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The Mouse Tower






Source: Folk-lore And Legends: German

To the traveller who has traversed the delightful environs of the
Rhine, from the city of Mentz as far as Coblentz, or from the clear
waves of this old Germanic stream gazed upon the grand creations of
Nature, all upon so magnificent a scale, the appearance of the old
decayed tower which forms the subject of the ensuing tradition forms
no uninteresting object. It rises before him as he mounts the Rhine
from the little island below Bingen, toward the left shore. He listens
to the old shipmaster as he relates with earnest tone the wonderful
story of the tower, and, shuddering at the description of the
frightful punishment of priestly pride and cruelty, exclaims in strong
emotion--

"The Lord be with us!"

For, as the saying runs, it was about the year of Our Lord 968, when
Hatto II., Duke of the Ostro-franks, surnamed Bonosus, Abbot of Fulda,
a man of singular skill and great spiritual endowments, was elected
Archbishop of Mentz. He was also a harsh man, and being extremely
avaricious, heaped up treasure which he guarded with the utmost care.

It so happened, under his spiritual sway, that a cruel famine began to
prevail in the city of Mentz and its adjacent parts, insomuch that in
a short time numbers of the poorer people fell victims to utter want.
Crowds of wretches were to be seen assembled before the Archbishop's
palace in the act of beseeching with cries and prayers for some
mitigation of their heavy lot.

But their harsh lord refused to afford relief out of his own
substance, reproaching them at the same time as the authors of their
own calamity by their indolence and want of economy. But the poor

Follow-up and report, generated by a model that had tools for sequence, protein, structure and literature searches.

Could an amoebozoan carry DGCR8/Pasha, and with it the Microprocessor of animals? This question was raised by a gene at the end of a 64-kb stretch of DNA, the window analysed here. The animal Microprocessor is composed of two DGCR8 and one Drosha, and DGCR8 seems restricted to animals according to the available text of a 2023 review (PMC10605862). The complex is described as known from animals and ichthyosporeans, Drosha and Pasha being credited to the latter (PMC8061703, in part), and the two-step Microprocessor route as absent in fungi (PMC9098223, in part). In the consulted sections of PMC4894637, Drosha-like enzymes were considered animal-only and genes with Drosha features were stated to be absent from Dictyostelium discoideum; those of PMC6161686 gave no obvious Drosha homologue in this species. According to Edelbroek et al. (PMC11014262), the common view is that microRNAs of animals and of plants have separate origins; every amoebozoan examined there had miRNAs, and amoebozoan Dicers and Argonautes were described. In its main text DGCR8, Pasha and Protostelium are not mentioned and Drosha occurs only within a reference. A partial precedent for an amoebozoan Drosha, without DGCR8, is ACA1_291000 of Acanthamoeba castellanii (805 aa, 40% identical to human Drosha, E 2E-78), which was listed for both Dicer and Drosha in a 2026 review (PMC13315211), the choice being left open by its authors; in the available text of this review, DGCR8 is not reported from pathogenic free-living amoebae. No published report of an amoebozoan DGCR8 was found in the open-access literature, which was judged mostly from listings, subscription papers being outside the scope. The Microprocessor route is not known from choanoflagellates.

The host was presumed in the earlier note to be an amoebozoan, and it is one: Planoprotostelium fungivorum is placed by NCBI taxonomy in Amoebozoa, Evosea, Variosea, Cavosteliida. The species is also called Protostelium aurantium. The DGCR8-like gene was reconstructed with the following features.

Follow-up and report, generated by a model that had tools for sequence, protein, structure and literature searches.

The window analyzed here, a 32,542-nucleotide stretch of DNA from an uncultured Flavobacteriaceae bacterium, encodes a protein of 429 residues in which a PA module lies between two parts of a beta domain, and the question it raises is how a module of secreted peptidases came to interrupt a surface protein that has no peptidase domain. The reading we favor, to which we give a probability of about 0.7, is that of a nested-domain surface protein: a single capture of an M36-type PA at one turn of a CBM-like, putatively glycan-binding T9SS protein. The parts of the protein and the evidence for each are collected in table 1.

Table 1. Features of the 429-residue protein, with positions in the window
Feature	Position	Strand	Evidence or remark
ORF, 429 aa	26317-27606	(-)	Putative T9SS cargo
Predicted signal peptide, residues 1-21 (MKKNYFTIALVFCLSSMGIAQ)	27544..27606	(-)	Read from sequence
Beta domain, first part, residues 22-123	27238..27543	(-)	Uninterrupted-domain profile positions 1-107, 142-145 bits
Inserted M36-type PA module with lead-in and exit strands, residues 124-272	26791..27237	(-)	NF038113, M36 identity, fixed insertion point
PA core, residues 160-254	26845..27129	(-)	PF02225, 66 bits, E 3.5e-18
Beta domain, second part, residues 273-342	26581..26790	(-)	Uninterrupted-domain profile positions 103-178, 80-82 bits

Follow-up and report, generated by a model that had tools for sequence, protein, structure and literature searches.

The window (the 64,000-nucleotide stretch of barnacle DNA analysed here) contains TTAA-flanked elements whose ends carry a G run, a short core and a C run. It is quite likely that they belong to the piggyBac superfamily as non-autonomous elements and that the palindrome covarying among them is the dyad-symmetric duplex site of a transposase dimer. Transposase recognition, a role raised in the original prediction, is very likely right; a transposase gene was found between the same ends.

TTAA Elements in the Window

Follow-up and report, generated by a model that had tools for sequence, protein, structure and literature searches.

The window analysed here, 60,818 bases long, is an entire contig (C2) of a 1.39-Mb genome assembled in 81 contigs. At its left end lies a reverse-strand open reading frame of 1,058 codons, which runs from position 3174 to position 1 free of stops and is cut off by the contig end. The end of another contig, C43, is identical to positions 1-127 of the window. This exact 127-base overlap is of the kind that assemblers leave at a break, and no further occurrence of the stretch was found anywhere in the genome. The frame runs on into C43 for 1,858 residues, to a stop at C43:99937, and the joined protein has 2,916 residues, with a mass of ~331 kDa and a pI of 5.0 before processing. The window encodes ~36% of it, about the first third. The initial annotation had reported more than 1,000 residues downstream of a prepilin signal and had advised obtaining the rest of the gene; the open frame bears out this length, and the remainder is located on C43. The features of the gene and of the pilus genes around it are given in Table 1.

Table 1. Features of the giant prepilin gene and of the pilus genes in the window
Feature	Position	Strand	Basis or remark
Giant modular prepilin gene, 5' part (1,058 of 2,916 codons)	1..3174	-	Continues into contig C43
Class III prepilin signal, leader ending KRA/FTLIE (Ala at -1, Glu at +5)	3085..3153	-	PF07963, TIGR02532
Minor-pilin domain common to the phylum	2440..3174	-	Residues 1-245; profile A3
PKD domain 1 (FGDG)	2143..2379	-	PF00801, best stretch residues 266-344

souls were mad for food, and in frightful and threatening accents
cried out--

"Bread, bread!"

Fearing the result, Bishop Hatto ordered a vast number of hungry souls
to range themselves in order in one of his empty barns under the
pretence of supplying them with provisions. Then, having closed the
doors, he commanded his minions to fire the place, in which all fell
victims to the flames. When he heard the death shouts and shrieks of
the unhappy poor, turning towards the menial parasites who abetted his
crime he said--

"Hark you! how the mice squeak!"

But Heaven that witnessed the deed did not permit its vengeance to
sleep. A strange and unheard of death was preparing to loose its
terrors upon the sacrilegious prelate. For behold, there arose out of
the yet warm ashes of the dead an innumerable throng of mice which
were seen to approach the Bishop, and to follow him whithersoever he
went. At length he flew into one of his steepest and highest towers,
but the mice climbed over the walls. He closed every door and window,
yet after him they came, piercing their way through the smallest nooks
and crannies of the building. They poured in upon him, and covered him
from head to foot, in numberless heaps. They bit, they scratched, they
tortured his flesh, till they nearly devoured him. So great was the
throng that the more his domestics sought to beat them off, the more
keen and savagely, with increased numbers, did they return to the
charge. Even where his name was found placed upon the walls and
tapestries they gnawed it in their rage away.

In this frightful predicament the Bishop, finding that he could obtain
no help on land, bethought of taking himself to the water. A tower was
hastily erected upon the Rhine. He took ship and shut himself up
there. Enclosed within double walls, and surrounded by water, he
flattered himself that the rushing stream would effectually check the
rage of his enemies. Here too, however, the vengeance of offended
Heaven gave them entrance. Myriads of mice took to the stream, and
swam and swam, and though myriads of them were swept away, an
innumerable throng still reached the spot. Again they climbed and
clattered up the walls. The Bishop heard their approach. It was his
last retreat. They rushed in upon him with more irresistible fury than
before, and, amidst stifled cries of protracted suffering, Bishop
Hatto at length rendered up his cruel and avaricious soul.





Next: The Dancers

Previous: The Fisherman And His Wife



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